The Correct Wording for a Job Application
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The correct wording for a job application varies according to the kind of work the applicant plans to do. A more formal position generally requires greater formality of language, and an applicant can be less formal if the desired job is more casual. Other factors, such as how well you know the hiring director, can also play a role in correct job-application wording. Still, there are a few important rules everyone should follow.
Present yourself truthfully. Include all relevant experience, but do not exaggerate or fabricate any qualifications. Employers can tell if you are stretching the truth by calling references or your previous employers. If they decide you are not honest, you will not be hired. Place answers in their correct order. If an employer asks for your last name, then first name, follow those instructions.
Cut out unnecessary words from short-answer questions. Eliminate awkward phrasing and sentences that don't pertain directly to your application. Short-answer questions help you answer application questions directly, and your responses show you are straightforward and serious.
Apply for a specific position. Do not write that you are "open to anything" or that you desire "all" positions. A specific application shows that you have considered the company carefully and are a serious applicant. Employers want people who can focus their goals and make specific decisions about what they want.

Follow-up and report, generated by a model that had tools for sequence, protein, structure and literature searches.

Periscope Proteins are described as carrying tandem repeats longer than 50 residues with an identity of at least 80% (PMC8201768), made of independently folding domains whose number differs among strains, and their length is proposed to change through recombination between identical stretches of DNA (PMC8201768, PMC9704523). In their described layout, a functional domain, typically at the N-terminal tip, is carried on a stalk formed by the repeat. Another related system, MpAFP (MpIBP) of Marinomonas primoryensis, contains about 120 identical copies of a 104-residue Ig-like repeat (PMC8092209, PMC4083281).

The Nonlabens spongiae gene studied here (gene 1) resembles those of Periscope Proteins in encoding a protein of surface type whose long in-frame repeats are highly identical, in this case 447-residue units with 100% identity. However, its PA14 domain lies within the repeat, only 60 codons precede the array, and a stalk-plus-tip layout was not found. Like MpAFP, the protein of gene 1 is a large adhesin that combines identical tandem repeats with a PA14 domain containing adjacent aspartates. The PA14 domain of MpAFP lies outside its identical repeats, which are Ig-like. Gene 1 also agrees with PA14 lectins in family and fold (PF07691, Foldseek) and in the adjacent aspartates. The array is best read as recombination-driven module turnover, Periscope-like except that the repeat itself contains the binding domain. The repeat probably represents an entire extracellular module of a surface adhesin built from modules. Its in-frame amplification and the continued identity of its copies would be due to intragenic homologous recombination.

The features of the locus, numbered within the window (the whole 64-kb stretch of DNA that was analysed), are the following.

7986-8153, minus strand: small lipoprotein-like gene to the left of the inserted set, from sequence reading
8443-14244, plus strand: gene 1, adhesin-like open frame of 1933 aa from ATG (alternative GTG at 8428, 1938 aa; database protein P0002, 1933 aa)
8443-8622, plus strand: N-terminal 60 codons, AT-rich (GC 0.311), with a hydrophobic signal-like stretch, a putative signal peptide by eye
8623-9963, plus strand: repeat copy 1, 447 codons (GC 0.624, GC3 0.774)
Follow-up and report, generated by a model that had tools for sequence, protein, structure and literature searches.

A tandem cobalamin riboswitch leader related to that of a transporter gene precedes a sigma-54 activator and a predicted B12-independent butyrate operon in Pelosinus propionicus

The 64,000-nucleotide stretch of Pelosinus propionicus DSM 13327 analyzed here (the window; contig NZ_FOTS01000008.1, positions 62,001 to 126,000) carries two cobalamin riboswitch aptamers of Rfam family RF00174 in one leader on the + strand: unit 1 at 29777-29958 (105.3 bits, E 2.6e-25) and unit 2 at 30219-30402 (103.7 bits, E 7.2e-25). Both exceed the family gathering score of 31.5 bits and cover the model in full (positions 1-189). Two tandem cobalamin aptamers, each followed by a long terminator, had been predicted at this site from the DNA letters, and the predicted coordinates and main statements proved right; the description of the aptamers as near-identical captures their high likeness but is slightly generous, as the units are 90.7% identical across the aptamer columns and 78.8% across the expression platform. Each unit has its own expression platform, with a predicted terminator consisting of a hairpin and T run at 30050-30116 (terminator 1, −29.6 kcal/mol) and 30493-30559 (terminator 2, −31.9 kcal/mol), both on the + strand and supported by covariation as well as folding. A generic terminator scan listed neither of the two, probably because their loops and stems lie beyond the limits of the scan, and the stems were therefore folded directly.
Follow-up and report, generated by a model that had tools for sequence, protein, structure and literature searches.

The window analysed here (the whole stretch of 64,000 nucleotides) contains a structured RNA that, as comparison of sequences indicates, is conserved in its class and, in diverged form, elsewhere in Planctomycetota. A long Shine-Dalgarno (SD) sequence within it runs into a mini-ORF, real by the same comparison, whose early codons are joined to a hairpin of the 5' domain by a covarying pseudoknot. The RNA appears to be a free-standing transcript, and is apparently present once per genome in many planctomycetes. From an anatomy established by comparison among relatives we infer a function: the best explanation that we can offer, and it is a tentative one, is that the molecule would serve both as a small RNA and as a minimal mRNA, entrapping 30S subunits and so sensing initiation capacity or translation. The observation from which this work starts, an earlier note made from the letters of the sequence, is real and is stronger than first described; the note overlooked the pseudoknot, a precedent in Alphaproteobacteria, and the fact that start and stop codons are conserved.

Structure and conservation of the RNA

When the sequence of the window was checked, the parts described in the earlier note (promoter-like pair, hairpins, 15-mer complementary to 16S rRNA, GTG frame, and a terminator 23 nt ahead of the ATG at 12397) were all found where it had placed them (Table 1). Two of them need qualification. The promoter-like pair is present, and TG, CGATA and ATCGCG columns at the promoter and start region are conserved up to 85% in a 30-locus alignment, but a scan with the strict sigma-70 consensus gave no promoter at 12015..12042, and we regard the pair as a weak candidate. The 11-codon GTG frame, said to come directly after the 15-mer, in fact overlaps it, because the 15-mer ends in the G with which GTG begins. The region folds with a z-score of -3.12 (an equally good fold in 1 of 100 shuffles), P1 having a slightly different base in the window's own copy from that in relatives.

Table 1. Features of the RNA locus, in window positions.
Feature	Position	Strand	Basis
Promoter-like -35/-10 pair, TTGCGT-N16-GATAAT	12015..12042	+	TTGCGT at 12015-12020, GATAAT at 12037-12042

Complete every question on an application, writing "N/A" where a question does not apply to you. Make sure you sign and date the application.
In all cases, select words that strengthen your self-presentation. Avoid hedging responses with "I think," "I feel," or "It seems to me." State your positive attributes directly; don't be humble. Say you have "significant" experience, not "some" experience. Phrase career transitions as positively as possible, using phrases such as "moved" and "sought additional responsibility" instead of "fired" or "laid off." Avoid words with negative connotations, such as "dislike" or "failed."
Although you want to present yourself positively, overuse of buzzwords can hurt your chances. Words such as "interesting," "intensive," "powerful" and "in-depth" can sound disingenuous and fluffy if you don't back them up with specific examples. Only use buzzwords if you can name a specific reason why they will help your application.
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Jeremy Fisk is a professional writer who has written for TheStreet.com, "The New York Observer," Mediabistro and other publications. Fisk has published stories about media, finance and crime in both print and online media. He holds Bachelor of Arts degrees in French and English from Georgetown University.